April 04, 2019 12:49
Chinese electric vehicle maker Future Mobility plans to set up operations in Korea at GM Korea's former plant in Gunsan, which was shut down last year.
Future Mobility is part of the MS Consortium, which signed a deal last month to acquire the Gunsan plant, according to an industry insider on Wednesday.
The consortium is led by Korean parts maker MS Autotech, but Future Mobility provides the capital. It will invest W200 billion in the plant to assemble 50,000 EVs annually with parts from China starting in 2021 (US$1=W1,135). Large Korean companies are also considering investments.
Future Mobility was created in 2016 by Chinese Internet giant Tencent and Taiwanese contract manufacturer Foxconn to create premium EVs. They scouted former executives from BMW, Nissan and Tesla and established a brand called Byton, which unveiled the M-Byte, an all-electric battery-powered SUV concept car, at the Consumer Electronics Show in January this year.
The SUV can travel up to 520 km on a single charge and is capable of autonomous driving even on freeways. It will first go on sale in China, the U.S. and Europe in 2020 and possibly in Korea in 2021.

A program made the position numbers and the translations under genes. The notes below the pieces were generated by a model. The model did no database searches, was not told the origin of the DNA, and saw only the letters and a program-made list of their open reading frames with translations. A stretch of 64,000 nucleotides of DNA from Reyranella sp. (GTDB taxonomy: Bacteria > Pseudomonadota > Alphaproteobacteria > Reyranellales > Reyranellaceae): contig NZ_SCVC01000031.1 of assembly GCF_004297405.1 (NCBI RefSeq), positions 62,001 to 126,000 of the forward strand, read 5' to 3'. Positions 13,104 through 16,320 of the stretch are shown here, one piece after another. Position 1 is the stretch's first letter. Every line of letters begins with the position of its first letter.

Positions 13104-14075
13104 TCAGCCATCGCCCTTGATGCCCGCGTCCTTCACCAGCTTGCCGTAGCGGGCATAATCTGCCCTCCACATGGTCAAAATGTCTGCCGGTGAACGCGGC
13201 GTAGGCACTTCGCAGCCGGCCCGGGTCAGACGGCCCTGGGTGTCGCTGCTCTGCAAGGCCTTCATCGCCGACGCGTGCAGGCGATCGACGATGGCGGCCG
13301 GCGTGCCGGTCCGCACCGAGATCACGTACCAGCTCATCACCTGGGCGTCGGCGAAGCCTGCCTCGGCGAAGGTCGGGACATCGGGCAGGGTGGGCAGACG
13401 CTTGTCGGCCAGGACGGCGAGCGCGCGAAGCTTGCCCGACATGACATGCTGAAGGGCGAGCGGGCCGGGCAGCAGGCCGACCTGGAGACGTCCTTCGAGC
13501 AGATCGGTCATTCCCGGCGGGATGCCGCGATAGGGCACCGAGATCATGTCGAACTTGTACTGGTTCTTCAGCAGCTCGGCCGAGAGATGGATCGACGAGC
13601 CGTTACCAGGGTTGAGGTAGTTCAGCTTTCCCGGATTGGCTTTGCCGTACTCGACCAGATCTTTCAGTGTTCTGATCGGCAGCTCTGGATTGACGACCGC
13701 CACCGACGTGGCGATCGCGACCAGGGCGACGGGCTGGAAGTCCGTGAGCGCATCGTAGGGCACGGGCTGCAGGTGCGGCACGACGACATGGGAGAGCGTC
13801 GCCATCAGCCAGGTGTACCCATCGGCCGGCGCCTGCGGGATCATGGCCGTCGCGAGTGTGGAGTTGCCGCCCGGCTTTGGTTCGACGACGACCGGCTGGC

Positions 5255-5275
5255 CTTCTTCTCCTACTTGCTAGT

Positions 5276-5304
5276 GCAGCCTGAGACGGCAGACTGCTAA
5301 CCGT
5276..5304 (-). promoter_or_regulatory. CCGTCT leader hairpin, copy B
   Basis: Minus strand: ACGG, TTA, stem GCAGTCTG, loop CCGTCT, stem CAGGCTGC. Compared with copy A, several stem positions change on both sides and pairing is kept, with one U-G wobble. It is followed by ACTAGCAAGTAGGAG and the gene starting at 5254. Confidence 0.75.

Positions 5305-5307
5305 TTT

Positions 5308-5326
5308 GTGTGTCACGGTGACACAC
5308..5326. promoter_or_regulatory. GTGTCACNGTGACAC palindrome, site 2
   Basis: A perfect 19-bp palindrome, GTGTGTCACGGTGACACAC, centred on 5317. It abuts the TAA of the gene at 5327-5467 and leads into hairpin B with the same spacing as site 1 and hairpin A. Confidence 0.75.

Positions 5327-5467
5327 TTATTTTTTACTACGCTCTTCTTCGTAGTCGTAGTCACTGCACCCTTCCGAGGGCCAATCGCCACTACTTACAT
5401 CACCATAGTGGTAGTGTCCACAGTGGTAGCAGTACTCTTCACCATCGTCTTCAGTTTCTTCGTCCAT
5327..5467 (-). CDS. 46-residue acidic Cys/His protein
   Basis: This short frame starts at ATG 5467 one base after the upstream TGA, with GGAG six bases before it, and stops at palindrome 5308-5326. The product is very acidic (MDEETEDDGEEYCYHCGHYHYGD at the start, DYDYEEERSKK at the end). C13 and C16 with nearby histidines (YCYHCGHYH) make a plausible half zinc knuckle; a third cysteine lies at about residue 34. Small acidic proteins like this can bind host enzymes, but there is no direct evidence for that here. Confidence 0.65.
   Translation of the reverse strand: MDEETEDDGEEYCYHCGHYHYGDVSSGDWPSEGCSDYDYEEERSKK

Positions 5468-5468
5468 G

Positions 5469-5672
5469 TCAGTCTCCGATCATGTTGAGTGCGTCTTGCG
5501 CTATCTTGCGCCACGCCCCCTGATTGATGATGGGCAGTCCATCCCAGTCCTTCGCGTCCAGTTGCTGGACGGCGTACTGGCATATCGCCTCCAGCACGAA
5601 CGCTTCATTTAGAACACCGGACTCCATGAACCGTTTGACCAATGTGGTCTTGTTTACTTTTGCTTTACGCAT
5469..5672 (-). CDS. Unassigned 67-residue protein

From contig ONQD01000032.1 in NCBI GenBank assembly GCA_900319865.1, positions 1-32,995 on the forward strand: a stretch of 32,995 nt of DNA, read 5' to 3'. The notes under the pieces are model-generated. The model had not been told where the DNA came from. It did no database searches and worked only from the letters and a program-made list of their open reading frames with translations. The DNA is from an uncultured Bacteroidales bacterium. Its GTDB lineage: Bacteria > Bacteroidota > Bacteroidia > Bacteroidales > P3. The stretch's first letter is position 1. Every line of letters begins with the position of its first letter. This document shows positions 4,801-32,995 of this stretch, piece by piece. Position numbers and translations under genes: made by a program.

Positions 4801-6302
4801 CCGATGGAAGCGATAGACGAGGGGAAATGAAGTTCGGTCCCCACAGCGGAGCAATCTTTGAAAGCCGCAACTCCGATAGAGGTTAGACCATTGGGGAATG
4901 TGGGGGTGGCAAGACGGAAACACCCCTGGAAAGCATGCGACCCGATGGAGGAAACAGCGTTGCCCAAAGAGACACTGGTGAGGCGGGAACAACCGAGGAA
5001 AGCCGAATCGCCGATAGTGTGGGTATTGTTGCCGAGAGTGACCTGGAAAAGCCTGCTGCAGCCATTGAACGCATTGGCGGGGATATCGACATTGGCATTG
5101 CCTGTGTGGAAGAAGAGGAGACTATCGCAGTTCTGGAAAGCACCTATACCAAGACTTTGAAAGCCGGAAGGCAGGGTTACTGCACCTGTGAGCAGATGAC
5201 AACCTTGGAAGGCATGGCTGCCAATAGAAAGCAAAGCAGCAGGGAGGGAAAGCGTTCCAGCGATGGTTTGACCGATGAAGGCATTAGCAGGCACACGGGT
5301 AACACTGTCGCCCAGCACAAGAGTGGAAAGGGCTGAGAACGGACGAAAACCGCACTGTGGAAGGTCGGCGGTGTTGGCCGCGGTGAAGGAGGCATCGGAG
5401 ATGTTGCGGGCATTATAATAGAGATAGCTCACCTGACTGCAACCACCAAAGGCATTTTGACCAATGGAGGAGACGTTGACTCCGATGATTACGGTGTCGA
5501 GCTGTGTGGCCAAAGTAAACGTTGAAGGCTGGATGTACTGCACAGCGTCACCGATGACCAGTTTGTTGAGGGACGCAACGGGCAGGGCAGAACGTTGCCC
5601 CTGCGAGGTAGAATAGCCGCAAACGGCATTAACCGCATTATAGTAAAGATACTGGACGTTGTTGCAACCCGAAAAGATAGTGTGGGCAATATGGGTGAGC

Korean automakers are bracing for the entry of more rivals. Recently China's Songuo Motors set up a joint venture with Korean EV maker SNK Motors and aims to build a plant in Gunsan capable of rolling out 100,000 EVs a year.
And last year China's largest EV maker Chery Automobile joined hands with Korea's Nanos to build a W120-billion plant nearby capable of rolling out 50,000 EVs annually starting in 2021.
One industry insider said, "If Chinese manufacturers enter Korea, the competitive landscape here will change completely. Rather than rejoicing at the benefits of job creation, I'm worried that Chinese companies will take over the auto industry here."
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